Altered attention networks in benign childhood epilepsy with centrotemporal spikes (BECTS): A resting-state fMRI study.Epilepsy Behav. 2015 Apr; 45:234-41.EB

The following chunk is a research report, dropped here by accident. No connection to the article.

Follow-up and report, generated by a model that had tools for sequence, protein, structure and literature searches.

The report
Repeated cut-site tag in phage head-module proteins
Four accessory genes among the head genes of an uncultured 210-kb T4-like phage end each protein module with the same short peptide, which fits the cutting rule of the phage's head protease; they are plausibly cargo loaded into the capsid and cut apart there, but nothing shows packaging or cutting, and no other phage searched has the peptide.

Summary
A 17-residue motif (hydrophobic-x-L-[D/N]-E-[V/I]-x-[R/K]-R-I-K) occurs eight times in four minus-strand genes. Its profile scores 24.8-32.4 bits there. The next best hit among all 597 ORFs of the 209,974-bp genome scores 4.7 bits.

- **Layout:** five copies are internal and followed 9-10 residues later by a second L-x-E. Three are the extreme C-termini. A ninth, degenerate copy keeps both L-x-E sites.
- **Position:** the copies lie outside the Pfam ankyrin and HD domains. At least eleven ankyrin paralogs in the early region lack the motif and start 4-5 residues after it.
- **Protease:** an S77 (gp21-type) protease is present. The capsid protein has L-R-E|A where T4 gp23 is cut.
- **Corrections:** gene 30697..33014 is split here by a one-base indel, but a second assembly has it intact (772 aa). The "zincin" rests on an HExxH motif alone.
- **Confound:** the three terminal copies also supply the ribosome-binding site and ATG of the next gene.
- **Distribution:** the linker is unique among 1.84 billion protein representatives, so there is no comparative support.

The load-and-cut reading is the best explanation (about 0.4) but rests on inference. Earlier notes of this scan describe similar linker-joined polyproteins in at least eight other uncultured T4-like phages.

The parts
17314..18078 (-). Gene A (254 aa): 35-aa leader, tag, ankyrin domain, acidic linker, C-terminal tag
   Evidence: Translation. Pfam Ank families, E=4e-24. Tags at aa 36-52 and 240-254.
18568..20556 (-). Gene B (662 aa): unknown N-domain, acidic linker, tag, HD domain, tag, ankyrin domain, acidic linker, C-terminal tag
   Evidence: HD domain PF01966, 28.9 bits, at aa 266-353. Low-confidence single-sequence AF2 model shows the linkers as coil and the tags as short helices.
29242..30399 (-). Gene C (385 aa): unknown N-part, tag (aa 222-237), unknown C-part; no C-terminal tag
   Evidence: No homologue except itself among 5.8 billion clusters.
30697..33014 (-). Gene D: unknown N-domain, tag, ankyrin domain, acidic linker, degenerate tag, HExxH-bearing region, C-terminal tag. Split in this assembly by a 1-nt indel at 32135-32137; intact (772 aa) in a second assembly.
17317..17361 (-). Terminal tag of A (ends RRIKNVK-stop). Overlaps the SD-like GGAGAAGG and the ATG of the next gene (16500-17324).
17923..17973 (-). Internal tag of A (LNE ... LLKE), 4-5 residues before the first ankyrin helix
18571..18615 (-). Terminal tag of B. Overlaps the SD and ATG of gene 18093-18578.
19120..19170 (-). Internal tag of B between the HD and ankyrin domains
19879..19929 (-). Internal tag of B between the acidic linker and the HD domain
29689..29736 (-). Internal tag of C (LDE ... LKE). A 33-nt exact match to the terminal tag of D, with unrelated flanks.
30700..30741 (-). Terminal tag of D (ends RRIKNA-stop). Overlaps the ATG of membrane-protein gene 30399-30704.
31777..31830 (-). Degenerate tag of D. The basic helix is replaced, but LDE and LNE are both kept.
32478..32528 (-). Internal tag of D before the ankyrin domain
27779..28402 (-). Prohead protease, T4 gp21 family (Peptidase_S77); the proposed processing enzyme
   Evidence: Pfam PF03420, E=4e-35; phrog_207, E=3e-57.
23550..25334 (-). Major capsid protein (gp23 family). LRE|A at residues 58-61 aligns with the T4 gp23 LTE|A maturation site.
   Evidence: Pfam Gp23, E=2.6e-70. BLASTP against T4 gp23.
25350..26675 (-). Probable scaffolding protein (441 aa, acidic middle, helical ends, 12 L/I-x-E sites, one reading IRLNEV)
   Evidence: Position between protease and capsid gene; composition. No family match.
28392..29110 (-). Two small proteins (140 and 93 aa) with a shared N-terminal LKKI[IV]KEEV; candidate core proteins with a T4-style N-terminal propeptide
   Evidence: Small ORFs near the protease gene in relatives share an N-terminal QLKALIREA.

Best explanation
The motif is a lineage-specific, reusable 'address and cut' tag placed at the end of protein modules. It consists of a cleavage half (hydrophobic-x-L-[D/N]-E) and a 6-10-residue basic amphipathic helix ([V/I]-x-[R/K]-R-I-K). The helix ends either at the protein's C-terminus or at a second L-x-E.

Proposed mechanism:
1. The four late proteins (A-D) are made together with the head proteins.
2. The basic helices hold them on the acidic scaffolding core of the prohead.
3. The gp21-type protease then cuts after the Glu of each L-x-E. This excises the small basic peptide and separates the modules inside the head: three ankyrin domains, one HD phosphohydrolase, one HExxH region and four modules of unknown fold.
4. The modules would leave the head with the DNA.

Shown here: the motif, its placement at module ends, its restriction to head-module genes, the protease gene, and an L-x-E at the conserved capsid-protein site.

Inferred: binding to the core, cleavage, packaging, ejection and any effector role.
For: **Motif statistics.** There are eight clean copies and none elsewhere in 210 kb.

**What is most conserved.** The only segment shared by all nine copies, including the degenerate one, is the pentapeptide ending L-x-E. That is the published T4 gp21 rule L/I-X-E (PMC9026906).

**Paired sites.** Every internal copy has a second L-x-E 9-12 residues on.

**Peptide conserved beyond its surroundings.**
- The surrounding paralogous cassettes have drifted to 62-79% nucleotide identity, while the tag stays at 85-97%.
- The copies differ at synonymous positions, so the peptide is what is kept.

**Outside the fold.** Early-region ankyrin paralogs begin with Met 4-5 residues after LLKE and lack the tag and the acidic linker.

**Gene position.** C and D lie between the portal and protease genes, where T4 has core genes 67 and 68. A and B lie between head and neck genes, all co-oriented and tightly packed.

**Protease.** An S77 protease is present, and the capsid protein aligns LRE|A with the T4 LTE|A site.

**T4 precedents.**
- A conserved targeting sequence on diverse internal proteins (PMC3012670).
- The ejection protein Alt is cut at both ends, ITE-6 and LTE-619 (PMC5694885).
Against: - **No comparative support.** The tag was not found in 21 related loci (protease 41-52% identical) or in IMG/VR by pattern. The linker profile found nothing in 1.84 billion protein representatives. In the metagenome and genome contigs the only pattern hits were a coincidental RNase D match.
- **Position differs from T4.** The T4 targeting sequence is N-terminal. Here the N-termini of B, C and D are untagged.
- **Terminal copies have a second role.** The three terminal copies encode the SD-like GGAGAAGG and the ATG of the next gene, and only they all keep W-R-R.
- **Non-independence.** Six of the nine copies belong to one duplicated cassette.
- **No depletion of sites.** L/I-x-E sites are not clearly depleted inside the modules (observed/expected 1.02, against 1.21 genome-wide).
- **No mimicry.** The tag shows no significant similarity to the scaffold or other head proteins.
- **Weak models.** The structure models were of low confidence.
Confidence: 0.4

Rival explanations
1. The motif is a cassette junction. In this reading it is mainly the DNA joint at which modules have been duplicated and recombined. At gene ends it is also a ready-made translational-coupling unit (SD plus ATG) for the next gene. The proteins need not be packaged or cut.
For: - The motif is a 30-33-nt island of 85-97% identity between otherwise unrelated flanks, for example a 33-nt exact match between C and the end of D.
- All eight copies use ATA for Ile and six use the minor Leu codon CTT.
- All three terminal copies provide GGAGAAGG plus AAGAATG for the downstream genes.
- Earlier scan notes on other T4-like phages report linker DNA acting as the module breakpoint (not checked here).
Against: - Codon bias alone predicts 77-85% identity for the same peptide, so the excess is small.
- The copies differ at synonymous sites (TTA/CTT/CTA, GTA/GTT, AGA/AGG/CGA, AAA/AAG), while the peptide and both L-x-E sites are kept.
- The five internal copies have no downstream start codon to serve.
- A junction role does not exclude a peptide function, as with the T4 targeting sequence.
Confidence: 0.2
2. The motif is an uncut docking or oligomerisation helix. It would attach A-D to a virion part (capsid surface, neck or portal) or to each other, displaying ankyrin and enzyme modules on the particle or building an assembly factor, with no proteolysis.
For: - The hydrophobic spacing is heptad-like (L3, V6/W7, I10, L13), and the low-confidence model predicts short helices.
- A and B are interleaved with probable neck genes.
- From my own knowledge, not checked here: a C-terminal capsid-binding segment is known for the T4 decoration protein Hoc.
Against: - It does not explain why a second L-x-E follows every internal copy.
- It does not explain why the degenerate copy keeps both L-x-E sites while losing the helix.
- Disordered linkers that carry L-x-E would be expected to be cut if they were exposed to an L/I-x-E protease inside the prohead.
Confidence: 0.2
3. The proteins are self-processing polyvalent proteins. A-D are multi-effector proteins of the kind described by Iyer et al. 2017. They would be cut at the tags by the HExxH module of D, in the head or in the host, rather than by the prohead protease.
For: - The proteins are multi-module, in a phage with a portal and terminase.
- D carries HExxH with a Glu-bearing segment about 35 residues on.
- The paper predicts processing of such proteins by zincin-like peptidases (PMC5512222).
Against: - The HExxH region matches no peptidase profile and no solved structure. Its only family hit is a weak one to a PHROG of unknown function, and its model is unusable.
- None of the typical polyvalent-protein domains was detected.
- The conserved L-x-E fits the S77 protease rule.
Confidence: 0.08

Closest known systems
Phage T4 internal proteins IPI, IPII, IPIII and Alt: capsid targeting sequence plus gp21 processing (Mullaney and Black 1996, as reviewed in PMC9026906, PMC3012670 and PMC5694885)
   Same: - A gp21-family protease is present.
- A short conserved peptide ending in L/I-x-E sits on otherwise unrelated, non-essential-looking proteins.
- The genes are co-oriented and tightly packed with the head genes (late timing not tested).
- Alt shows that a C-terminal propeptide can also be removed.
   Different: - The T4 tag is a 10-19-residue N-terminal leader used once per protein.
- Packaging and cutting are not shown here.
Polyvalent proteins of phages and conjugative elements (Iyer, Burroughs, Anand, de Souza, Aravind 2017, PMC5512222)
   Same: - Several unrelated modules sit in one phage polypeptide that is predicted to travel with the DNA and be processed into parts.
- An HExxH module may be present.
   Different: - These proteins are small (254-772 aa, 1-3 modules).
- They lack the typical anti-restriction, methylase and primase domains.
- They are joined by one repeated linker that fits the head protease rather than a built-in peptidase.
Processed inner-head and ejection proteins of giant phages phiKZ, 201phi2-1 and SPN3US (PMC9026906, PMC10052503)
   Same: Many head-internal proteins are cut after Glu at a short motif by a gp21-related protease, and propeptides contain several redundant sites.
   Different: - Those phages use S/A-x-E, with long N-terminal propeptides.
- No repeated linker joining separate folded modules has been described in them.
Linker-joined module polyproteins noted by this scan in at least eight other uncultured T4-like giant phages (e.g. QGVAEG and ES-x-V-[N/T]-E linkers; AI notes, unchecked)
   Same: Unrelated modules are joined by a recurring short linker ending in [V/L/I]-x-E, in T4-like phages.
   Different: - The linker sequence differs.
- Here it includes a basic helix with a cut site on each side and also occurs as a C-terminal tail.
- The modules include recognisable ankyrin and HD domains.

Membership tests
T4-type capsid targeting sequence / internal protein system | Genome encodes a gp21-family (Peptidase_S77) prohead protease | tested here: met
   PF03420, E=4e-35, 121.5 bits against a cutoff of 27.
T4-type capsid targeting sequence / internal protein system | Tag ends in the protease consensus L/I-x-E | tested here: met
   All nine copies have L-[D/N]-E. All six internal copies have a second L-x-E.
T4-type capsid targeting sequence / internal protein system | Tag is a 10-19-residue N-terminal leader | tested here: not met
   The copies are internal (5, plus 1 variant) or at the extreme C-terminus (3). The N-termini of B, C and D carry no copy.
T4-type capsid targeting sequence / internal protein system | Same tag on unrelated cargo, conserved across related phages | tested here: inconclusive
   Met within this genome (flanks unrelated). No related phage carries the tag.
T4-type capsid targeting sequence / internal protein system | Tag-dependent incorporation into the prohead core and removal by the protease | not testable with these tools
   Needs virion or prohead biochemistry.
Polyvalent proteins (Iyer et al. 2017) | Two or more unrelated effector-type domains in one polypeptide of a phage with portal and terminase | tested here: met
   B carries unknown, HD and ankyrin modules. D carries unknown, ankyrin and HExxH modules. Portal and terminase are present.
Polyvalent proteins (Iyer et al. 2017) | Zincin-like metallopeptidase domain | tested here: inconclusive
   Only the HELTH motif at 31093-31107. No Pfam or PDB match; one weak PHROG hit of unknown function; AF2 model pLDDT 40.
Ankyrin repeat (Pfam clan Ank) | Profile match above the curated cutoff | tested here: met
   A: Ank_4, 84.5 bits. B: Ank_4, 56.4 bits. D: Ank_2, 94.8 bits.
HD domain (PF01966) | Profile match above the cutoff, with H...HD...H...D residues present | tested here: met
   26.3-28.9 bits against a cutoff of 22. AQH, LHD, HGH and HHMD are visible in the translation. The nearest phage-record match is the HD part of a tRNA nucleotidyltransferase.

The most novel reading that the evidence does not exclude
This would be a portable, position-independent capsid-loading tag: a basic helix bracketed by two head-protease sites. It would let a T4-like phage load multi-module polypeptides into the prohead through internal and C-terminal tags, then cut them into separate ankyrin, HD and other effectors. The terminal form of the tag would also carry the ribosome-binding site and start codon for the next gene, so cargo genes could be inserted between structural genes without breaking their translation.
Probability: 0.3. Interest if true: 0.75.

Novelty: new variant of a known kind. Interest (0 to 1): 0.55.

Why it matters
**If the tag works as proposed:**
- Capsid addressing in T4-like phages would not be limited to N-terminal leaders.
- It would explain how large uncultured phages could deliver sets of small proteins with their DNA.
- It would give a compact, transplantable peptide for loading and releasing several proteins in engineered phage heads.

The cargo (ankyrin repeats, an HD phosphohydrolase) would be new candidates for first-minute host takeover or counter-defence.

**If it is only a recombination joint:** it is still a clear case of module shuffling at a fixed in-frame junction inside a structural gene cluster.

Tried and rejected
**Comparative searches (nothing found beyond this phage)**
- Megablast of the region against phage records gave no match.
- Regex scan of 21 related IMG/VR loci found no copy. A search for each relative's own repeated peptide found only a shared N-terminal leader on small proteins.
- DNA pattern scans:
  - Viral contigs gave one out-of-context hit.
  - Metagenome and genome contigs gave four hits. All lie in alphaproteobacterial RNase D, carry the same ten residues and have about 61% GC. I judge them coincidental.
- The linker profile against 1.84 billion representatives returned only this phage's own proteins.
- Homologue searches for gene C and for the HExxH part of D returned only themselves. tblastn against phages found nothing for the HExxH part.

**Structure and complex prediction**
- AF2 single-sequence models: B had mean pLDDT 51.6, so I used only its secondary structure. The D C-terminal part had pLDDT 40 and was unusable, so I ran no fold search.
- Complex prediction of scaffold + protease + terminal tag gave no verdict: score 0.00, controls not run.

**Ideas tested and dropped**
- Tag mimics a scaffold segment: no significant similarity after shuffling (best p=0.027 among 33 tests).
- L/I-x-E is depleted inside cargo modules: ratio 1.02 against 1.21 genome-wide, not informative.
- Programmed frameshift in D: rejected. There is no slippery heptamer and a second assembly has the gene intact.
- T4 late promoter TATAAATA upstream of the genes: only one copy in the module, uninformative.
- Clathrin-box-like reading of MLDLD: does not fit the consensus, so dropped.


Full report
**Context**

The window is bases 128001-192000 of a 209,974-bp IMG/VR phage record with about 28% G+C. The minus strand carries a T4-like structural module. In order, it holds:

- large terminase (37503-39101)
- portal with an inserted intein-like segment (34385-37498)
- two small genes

It is noteworthy that some children with benign childhood epilepsy with centrotemporal spikes (BECTS) show attention problems despite their favorable seizure outcome. Resting-state functional magnetic resonance imaging (fMRI) is a method widely used to detect brain network alterations in neuropsychiatric diseases. We used resting-state functional magnetic resonance imaging (fMRI) to investigate specific brain networks related to attention deficit in children with BECTS. Resting-state fMRI was performed in patients with BECTS with ADHD (n=15) and those with BECTS without ADHD (n=15) and in healthy controls (n=15). Unbiased seed-based whole-brain functional connectivity analysis was used to study the connectivity pattern of three resting-state networks, including the ventral attention network (VAN) and the dorsal attention network (DAN) and the default mode network (DMN). Patients with BECTS with ADHD displayed decreased functional connectivity in the DAN compared with other two groups, while patients with BECTS without ADHD showed increased functional connectivity in the DAN. Moreover, we found increased functional connectivity in the VAN and in the DMN in patients with BECTS with or without ADHD when comparing with controls. These results showed that the newly-diagnosed children with BECTS displayed brain activity alterations in the ventral and dorsal attention networks. The difference in the extent of impairment in the dorsal attention network of patients with BECTS with ADHD and patients with BECTS without ADHD may lead to improved understanding of the underlying neuropathophysiology and treatment of BECTS with ADHD and BECTS without ADHD.